I have been reading recently a book called THE IRRESISTABLE REVOLUTION by a young Christian called Shane Claiborne. He is a founder member of a modern monastic community in Philadelphia called THE SIMPLE WAY and they live among the poor and the marginalised building community and hope in places of despair and lonliness. A lot of his work is among the homeless and he tells a wonderful true story about a group of about 40 homeless families who had been living in a tent city and through flooding and rat infestation had to abandon their tents and found refuge in a disused and abandoned cathedral! Predictably enough after 48 hours the caring local church served an eviction order on them. However they were not alone – a body of over 100 college students moved in alongside them and refused to budge until homes were found for these people. The protest went on for weeks and months and eventually the church authorities used health and safety legislation to serve another eviction order on the grounds that the building did not meet fire regulations! This of course presented a huge problem for the occupiers of the cathedral: How could they possibly meet fire standards? The night before the inspection was due there was a knock on the door. It was almost midnight and as the occupiers opened the door they saw 2 firemen standing outside. In fear thinking the inspection had been brought forward they tried to close the door as the two firemen protested – “Don’t do that – We’re here to help! – What’s happening isn’t right and we want to help you get ready for the morning – we could loose our jobs for doing this but we can’t let them do this to you! - We know what they will be looking for – let us help you!”

And so they did - they brought in boxes of signs, fire-xtinguishers, smoke detectors and worked all night to get the building up to standard. The next day the fire marshall had no choice but to pass the building and ultimately the protest only ended when the city authorities finally opened up empty housing and other private individuals actually gave houses to homeless families. And as Shane Claibourne comments in conclusion – “we never saw the firefighter angels again!”

I don’t need to point to the terrible irony in that story – It is blindingly obvious!

And it is a caution for all of us who call ourselves religious that what we say with our lips is in harmony with what we do with our hands and feet. Are we as Church – as the people of God - able and willing to respond to the needs of the poor and abandoned, the marginalised and unloved? Are we prepared to do more than just dip our hands into our pockets and dispense loose change or are we really prepared to get our hands dirty and befriend and embrace the broken people we encounter at a distance? That is the uncomfortable implication of the circumstances of Jesus’ birth! Because of what God did in the squalour of that shed in poverty and depravity then God is calling us into those places of brokenness and ugliness to discover the beauty that is in every human being created in God’s image!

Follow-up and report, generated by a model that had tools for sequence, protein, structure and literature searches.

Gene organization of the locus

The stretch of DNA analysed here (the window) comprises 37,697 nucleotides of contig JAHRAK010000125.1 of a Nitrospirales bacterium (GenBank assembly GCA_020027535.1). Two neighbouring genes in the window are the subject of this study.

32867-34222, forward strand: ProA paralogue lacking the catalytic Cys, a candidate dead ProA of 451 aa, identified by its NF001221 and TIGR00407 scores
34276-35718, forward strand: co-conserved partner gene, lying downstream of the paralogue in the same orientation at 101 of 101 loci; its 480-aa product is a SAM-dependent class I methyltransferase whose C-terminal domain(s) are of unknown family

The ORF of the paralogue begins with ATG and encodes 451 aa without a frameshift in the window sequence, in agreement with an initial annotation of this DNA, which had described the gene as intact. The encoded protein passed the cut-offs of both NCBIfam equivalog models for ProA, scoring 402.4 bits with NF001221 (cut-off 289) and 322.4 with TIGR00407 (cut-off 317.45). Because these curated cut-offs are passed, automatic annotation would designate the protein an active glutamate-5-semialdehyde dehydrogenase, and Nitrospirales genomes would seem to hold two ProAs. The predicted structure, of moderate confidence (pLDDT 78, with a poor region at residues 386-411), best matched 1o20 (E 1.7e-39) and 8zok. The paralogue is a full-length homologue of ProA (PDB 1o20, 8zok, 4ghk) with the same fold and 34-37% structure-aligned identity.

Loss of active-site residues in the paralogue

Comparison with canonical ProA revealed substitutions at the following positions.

That is the Gospel of the Incarnation – It’s a big, big package, it breaks down doors, it takes risks, it demands our everything and our response can sadly only be NO ROOM unless we get rid of a lot of the worthless baggage and ballast that enslaves and traps us in lives of mediocrity and safety.

The Gospel is not safe, nor secure, not predictable nor tidy but it is life in all its extraordinary beauty, fragility and brokenness, epitomised in the birth of a helpless infant born in squalor and fear who can through weakness transform and beautify the most ugly parts of our lives.

Have we room?………Have you room in your hearts for HIM?

Friday 21 December 2007

Armed robbery at TESCO

Went to TESCO this evening to buy some of their budget photocopy paper. I picked up a sealed box of 5 reams and headed for the till. That was when it all started to go pear-shaped! The checkout girl scanned the barcode on the box: Error! Then she manually entered the code and same result: Error! She then informed me that she couldn't sell it to me if it didn't scan. I calmly suggested that she open the box and scan the reams inside which seemed like a moment of genius to her! She then looked helplessly at the box which was sealed with one of those unopenable seals as used to seal bales of briquettes. Realising her predicament I helpfully suggested: "I have a knife" and took out my trusty swiss army knife. Only when she stepped backwards and looked at me in terror did I realise she thought I was about to steal a box of A4 paper at knifepoint! Just before she hit the alarm I managed to say: "It's not a threat - I was only going to open the box!"
Still visibly shaken she watched as I opened the box and she duly successfully scanned the paper.
Happily the rest of our transaction passed without incident. Though in future I will keep my weapons concealed! :-)